“Data sovereignty means that a particular country, such as China, can require companies to abide by local law as a condition of doing business in its markets,” Tsosie notes—but regulating, say, Amazon’s activities on a reservation in Nevada is much more complex. The way in which tribal sovereignty extends to the digital sphere will be of particular importance when it comes to medical studies or demographic data at a time when large companies are vying for market share in these sectors. At present, “tribal governments are preempted from regulating information technology in ways that would violate federal law. However, tribal governments have a fair amount of autonomy to legislate in areas where they are not preempted by federal law.” This paper makes recommendations for how tribal governments can retain control over their members’ information and privacy.
Rohan Advani’s illuminating history of Dubai Ports World—the biggest force in ports and maritime logistics that you’ve probably never heard of—reveals how a network of maritime ports, over which the firm has acquired long-term leases, dovetails with Emirati foreign policy. Far from being a simple logistics business, DP World has built private infrastructure projects across the African continent and particularly in the Red Sea and the Horn. Advani characterizes the company’s rapid and aggressive expansion as imperial in essence—”a marriage of international economic and political ambitions”—that, while hardly reaching the scope of, say, a 19th century trade company, nonetheless moves “in lockstep with the country’s strategic interests.”
A more detailed audio discussion between Rohan Advani and Thanassis Cambanis on the same paper and the broader theme of Emirati “port diplomacy”.
Svalbard is one of the most fascinating places in the world: for the past hundred years, Norway has had full sovereignty over the Arctic archipelago, but it must abide by a “non-discrimination” principle that allows anyone, regardless of nationality, to live, work, and do business there. That makes it a rare example of a common space for all of mankind. Now, as melting polar ice presents new opportunities for commerce and new shipping routes in particular, the islands and their main port in Longyearbyen are an obvious place for international shipping firms to start exploring new business opportunities.
Nyman and Tiller are among the world’s experts on the archipelago, and their analysis of what might become of the port of Svalbard given this increased business interest should not be missed (tldr: it’s complicated!). Scholars ought also to take their advice and do more research on the region, given the dearth of data and information there is at present.
More by Atossa Araxia Abrahamian – from our Stacks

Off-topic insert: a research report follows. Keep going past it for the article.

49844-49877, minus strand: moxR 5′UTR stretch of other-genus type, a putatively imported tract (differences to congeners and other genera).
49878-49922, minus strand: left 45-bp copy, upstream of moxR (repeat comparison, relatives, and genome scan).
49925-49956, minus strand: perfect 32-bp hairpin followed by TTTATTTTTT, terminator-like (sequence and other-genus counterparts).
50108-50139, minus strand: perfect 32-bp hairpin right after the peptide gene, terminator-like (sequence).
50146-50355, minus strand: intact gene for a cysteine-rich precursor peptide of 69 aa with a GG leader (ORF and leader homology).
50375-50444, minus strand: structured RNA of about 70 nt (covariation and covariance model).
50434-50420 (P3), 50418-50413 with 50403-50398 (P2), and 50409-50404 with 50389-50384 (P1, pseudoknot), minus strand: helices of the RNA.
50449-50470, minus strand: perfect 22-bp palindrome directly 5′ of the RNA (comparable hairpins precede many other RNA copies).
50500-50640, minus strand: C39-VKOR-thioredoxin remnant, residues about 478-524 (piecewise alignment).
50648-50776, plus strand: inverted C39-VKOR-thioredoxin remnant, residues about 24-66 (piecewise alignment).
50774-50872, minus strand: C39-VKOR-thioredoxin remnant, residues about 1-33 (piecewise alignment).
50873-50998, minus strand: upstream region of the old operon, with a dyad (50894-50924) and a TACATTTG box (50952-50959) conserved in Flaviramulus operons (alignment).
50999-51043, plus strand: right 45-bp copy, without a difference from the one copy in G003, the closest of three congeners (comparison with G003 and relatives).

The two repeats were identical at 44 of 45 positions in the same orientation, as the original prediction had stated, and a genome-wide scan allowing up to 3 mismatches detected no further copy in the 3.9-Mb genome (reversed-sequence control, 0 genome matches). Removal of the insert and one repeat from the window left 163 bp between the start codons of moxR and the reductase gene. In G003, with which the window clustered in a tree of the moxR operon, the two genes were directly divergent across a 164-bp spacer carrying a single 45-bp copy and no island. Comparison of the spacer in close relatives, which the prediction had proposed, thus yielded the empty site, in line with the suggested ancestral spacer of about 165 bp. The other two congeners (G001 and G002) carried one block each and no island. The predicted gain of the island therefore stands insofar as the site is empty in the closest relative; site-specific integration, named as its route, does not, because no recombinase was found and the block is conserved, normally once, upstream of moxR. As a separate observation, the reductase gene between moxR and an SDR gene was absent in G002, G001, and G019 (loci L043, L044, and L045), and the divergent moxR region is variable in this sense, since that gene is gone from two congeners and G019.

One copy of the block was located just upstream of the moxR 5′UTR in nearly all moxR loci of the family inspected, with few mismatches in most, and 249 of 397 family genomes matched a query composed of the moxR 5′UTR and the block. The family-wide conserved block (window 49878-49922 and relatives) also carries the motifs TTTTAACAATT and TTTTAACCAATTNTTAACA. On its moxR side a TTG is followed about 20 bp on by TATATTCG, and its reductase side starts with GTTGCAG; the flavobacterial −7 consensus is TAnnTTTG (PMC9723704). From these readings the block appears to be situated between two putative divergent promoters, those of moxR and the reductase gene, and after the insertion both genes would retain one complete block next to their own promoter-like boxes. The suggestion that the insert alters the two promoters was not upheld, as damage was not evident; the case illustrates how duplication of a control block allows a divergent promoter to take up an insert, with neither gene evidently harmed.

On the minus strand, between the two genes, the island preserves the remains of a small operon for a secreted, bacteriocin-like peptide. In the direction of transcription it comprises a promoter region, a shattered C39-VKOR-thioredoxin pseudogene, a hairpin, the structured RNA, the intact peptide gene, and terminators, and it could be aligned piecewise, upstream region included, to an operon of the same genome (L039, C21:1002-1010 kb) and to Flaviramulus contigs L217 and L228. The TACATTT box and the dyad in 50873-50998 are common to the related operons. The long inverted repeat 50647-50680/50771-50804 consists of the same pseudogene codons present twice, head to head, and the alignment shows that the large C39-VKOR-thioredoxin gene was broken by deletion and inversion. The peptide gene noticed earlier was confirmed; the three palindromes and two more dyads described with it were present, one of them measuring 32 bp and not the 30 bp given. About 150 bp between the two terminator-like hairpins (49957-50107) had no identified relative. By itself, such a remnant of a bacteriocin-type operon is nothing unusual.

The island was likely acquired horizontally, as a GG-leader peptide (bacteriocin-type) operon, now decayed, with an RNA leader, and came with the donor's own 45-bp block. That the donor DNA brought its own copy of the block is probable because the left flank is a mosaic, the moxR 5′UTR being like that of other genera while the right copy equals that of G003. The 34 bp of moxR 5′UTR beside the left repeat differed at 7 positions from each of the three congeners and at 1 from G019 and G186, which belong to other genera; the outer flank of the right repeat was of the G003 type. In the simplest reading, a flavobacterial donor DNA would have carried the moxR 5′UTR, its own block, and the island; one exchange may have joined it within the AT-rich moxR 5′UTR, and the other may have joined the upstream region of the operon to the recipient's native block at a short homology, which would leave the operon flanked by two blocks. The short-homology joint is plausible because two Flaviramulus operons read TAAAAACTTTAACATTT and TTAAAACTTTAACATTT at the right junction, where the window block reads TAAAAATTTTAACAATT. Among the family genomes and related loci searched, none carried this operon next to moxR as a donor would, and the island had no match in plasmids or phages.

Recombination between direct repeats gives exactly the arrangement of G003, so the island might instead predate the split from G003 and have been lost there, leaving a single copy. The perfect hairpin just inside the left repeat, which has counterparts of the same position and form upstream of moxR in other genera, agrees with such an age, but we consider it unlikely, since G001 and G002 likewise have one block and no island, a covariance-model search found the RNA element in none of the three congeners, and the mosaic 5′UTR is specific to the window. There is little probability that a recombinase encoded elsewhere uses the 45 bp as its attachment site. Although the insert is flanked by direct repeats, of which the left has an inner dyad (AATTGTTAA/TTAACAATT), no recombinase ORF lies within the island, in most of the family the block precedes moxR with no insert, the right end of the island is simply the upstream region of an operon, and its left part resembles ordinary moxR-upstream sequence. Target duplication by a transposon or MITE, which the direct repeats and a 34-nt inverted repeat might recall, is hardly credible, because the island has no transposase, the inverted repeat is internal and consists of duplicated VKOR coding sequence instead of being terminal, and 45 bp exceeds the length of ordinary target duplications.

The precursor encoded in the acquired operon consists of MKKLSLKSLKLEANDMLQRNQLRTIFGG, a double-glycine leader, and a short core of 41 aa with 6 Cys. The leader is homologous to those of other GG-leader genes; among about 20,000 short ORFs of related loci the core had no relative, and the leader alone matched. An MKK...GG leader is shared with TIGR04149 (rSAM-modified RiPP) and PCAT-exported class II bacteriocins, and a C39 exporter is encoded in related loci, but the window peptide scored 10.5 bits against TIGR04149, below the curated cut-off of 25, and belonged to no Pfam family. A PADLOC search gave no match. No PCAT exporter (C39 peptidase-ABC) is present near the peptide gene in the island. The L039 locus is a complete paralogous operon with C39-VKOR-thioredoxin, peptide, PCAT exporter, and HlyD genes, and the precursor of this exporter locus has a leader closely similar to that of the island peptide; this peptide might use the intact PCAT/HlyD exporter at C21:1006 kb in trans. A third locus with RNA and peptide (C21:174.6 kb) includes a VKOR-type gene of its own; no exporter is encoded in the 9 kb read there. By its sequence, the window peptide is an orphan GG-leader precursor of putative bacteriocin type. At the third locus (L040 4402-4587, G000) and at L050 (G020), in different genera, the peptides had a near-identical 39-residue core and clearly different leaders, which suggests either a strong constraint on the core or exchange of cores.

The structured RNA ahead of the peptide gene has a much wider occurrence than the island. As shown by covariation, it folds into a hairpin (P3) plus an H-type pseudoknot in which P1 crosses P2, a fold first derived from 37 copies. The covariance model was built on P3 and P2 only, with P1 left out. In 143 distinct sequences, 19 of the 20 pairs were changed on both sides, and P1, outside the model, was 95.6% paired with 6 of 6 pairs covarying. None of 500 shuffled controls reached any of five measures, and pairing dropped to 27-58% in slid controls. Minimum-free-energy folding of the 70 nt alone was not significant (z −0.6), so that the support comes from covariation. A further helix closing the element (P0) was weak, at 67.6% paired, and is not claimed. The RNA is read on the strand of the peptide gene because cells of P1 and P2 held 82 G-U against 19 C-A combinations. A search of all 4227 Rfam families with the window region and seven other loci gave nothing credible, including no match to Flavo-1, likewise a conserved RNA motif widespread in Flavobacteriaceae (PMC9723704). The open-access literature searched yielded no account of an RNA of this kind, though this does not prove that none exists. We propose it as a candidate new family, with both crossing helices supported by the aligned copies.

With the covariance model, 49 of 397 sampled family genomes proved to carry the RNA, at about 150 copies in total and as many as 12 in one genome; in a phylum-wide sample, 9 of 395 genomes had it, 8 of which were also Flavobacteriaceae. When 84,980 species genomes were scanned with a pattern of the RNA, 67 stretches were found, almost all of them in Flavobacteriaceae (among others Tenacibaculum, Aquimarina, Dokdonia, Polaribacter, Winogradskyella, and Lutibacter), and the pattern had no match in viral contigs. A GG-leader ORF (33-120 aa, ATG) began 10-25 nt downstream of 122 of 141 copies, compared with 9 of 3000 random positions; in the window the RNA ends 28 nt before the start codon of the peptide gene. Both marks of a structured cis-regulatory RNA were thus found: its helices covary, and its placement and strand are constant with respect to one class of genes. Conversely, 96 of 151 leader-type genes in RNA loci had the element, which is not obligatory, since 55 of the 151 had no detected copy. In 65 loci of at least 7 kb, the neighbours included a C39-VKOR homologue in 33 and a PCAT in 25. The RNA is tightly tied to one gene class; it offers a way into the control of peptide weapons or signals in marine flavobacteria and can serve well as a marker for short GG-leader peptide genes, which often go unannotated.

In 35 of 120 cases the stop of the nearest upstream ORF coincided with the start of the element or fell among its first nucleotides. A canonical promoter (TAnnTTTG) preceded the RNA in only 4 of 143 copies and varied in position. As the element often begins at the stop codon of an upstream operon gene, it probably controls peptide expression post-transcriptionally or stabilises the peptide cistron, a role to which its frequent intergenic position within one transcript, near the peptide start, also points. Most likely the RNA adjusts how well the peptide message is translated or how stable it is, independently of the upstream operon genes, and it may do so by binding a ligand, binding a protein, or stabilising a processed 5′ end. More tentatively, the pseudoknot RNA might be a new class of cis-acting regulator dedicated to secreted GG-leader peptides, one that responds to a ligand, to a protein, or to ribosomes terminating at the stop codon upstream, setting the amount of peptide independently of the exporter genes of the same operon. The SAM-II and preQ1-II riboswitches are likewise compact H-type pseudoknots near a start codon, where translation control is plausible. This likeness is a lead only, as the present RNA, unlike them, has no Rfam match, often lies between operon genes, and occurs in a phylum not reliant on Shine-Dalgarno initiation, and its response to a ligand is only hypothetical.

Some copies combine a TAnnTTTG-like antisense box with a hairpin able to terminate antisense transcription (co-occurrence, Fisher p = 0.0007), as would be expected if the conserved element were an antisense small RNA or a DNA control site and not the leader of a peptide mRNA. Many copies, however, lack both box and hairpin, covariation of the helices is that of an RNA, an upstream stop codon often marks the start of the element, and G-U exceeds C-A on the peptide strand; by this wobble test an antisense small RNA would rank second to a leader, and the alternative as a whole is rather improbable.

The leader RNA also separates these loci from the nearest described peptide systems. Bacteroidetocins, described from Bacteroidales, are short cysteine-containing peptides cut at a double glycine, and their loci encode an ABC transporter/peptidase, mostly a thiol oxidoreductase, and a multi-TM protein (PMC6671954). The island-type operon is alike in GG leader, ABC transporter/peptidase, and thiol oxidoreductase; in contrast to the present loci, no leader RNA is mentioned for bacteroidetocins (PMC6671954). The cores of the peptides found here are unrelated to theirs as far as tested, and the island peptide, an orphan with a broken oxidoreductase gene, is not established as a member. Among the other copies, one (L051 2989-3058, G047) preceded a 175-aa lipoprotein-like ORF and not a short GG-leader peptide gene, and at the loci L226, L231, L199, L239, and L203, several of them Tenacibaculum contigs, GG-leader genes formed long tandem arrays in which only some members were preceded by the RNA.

Our archive of high-quality content across text, video and audio – our “Living Syllabus” as we call it – has already reached over 10,000 items and grows larger every week.
Here are some recent pieces by or featuring Atossa from those archives:
- The Comoros Connection (journalism)
- The Dream of Open Borders Is Real – in the High Arctic (journalism)
- On the Arctic’s Open Borders Island (podcast)
- The US is Deporting Asylum Seekers to Random, Dangerous Countries (journalism)
- What It’s Like to Run the Arctic’s Alt-Weekly Newspaper (journalism)
- The Inequality Industrial Complex (podcast)
- American Nationalism: A Debate (journalism)
- Neoliberalism’s World Order (video)
More About our Cyberflâneur Series
To learn more about how this particularly eclectic edition of our syllabi works, head over here. Note that if you subscribe to any of our weekly syllabi, we’ll keep you posted on our latest cyberflâneurs too. Our subscribers also get a monthly Highlights From the Cyberflâneur edition.
You can also take a look at the previous editions of the Cyberflâneur:
- #1 Brian Eno – Musician, Record Producer, Visual Artist
- #2 Hito Steyerl – Artist, Filmmaker, Writer
- #3 Adam Tooze – Professor of History at Columbia University
- #4 Rana Foroohar – Global Business Columnist and an Associate Editor at the Financial Times
- #5 Samuel Moyn – Professor of Law and History at Yale University
- #6 Rem Koolhas – Architect
- #7 Paul Mason – Journalist, Filmmaker, Author
- #8 Shehla Rashid – Activist & Academic
- #9 Holly Herndon & Mat Dryhurst – Musicians, Artists, Technologists
- #10 Raquel Rolnik – Architect & Urban Planner
- #11 Laleh Khalili – Professor of International Relations at Queen Mary University
- #12 Zephyr Teachout – Professor of Law at Fordham University
- #13 Quinn Slobodian – Historian and author of Globalists
- #14 Katrina Forrester – Political Theorist and Intellectual Historian at Harvard University
- #15 Kaiser Kuo – Writer, Musician, Podcaster